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Monday, 26 February 2018
Page: 1764

Ms SHARKIE (Mayo) (10:19): Yes. I second the motion. I'd particularly like to thank the member for Denison and I'd like to echo his concerns about NBN retailers advertising speeds far beyond what the average consumer is likely to achieve. For many, what is advertised is an unobtainable dream, and it's unacceptable. I think there could be no more misleading phrase than 'up to'. I do note that the ACCC has been investigating ongoing complaints about this very issue and has recently released a report which sets out six principles for internet service providers when communicating with consumers. Updated consumer guidelines are also expected in June. However, consumers need more than principles and guidelines; they need legislative protections.

My electorate was one of the first areas to have the NBN through, and complaints about the network quickly became the No.1 constituent issue after I came to office in July 2016, including that households were not achieving the broadband speeds they expected and they were promised. I realise that there is a transition period during a rollout when NBN is turned down, for want of a better word, because it has to co-exist with other services. One household might achieve 80 megabits per second at peak times, when residents one street over are only achieving an average household download speed of 12 megabits per second—all that the NBN is required to deliver during the transition period. There is such a discrepancy between what is advertised and what is delivered by the service.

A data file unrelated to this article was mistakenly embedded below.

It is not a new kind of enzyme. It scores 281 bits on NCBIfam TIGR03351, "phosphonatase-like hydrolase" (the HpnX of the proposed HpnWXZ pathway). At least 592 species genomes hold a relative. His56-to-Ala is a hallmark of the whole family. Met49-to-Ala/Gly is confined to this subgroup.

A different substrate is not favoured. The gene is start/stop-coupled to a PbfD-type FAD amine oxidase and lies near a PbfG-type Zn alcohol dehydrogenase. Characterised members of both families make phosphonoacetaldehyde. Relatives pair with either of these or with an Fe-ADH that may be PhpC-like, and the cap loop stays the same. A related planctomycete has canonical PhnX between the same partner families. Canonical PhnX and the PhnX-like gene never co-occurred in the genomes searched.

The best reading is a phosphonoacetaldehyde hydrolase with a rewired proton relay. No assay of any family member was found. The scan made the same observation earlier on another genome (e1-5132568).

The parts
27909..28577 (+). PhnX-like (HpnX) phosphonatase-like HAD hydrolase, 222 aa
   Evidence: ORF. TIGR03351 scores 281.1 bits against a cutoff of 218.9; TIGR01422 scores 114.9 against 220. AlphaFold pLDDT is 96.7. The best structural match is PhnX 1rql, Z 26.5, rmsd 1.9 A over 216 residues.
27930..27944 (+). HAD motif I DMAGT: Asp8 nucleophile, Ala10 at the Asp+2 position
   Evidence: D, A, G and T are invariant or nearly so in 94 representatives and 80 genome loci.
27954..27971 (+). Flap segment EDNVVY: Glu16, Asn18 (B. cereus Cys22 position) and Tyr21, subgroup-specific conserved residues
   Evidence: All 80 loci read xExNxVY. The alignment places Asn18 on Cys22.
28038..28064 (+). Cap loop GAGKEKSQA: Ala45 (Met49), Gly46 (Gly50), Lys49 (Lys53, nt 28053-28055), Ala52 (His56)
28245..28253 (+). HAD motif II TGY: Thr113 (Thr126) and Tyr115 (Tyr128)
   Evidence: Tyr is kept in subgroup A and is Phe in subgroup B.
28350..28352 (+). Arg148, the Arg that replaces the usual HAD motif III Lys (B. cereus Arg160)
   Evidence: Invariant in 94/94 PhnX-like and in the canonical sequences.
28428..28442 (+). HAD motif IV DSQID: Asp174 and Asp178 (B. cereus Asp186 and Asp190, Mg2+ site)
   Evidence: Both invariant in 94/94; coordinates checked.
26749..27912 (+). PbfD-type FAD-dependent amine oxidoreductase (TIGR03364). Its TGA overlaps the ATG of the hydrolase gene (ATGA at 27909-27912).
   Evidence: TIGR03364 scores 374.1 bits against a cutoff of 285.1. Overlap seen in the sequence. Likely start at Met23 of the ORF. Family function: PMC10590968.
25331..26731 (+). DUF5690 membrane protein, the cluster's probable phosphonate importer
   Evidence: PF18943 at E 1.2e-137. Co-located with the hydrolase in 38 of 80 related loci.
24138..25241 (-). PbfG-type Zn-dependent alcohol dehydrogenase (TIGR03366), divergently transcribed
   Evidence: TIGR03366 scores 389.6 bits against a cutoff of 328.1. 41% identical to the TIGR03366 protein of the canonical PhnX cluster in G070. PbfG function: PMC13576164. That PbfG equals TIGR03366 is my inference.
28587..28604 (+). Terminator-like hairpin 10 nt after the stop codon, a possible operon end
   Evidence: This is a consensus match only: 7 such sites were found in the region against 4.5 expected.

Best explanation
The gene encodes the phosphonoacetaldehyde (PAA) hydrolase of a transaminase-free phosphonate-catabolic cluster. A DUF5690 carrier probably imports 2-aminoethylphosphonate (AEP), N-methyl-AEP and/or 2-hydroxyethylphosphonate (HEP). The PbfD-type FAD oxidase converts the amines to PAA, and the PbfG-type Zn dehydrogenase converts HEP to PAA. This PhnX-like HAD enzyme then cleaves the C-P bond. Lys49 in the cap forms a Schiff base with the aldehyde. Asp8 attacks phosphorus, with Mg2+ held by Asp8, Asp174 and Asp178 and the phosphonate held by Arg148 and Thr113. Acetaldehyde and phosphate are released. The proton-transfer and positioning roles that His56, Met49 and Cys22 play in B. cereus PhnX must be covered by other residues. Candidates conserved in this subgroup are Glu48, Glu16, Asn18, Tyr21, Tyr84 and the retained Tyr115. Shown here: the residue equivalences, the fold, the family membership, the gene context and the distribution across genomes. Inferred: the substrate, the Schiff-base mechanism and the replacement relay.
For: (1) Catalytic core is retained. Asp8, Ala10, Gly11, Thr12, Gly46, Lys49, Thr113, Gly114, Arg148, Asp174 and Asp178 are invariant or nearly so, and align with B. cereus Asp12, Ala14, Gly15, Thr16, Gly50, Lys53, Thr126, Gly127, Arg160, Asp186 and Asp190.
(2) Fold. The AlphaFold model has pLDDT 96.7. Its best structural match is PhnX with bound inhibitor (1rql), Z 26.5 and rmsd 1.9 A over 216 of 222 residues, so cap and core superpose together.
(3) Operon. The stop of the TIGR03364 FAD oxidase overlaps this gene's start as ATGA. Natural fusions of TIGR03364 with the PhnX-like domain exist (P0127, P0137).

In closing, when constituents tell you that they were better off with ADSL—it was faster and more reliable—something needs to be done. This was supposed to be the greatest national infrastructure project of this century, and what we have is a fraud. It is 'fraudband', not broadband. I commend the member for his private member's bill. It will provide clarity and consumer protection.

The SPEAKER: The time allotted for this debate has expired. The debate is adjourned and the resumption of the debate will be made an order of the day for the next sitting.